The prosecution is expected to question former President Lee Myung-bak after the closing of next month's PyeongChang Winter Olympics over allegations of wrongdoing, sources close to the ongoing probe said Sunday.
They said the state prosecution recently judged that it would be difficult to call in the former president during the Feb. 9-25 Olympics, after receiving reports from two district prosecution offices in Seoul about their ongoing probes into various allegations.
The prosecution believes, given the gravity of the case, that it is important to prevent the investigation from sparking a controversy that the current government led by liberal President Moon Jae-in is mounting a "political revenge" campaign against the former conservative leader. The way to avoid such a controversy is to obtain sufficient evidence.
Former liberal president Roh Moo-hyun committed suicide in 2009 during Lee's term in office after being questioned for alleged corruption.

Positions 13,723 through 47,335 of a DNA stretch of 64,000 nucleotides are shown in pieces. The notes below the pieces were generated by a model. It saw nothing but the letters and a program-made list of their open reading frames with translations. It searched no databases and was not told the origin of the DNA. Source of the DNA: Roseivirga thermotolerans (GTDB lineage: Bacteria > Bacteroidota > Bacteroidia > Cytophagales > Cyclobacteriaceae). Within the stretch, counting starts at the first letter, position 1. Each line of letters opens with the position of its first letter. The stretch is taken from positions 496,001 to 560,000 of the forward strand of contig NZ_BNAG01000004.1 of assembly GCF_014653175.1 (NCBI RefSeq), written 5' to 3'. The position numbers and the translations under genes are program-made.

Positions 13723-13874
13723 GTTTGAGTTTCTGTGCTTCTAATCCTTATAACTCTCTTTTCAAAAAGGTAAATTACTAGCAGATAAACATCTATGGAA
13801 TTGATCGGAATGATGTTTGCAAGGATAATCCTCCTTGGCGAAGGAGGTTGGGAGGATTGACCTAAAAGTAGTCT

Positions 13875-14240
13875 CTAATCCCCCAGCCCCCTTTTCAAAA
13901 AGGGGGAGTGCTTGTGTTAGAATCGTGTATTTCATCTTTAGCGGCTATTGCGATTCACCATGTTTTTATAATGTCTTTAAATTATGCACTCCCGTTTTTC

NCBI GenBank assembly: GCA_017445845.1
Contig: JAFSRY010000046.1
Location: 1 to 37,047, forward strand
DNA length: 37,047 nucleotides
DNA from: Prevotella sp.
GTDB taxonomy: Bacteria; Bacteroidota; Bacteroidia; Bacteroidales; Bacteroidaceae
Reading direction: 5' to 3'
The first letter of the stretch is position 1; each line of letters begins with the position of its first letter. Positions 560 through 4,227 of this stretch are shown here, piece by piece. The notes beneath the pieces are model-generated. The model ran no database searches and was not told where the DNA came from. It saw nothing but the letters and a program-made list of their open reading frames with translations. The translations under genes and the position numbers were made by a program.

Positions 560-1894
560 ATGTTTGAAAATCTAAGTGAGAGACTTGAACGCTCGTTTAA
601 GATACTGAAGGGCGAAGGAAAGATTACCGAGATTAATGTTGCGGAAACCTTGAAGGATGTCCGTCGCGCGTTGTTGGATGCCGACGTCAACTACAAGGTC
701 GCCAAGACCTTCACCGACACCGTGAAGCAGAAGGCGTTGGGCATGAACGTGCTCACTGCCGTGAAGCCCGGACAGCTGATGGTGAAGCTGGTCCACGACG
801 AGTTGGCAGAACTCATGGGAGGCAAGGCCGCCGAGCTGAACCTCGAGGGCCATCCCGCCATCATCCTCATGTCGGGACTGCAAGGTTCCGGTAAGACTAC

In addition, the prosecution is also known to have concerns that if Lee shows up for questioning it will generate wide media attention that may spark further ideological division and hurt the atmosphere of peace and national unity represented by the nation's first hosting of the Winter Olympics.
"We have a lot of things to check yet," said a prosecution source who is well informed about the probes. "I cannot say for certain when the former president will be summoned, although it would likely be in early March, after the Olympics."
Another prosecution official agreed, saying, "Chances are scant the former president will be questioned soon."
Prosecutors are currently looking into allegations that Lee's presidential office accepted more than 400 million won in bribes from the National Intelligence Service and that the state intelligence agency and the military illegally meddled in politics during his term in office from 2008 to 2013. Lee is also suspected to be the real owner of DAS, an auto parts company under his brother's name that allegedly managed a huge slush fund for the former president.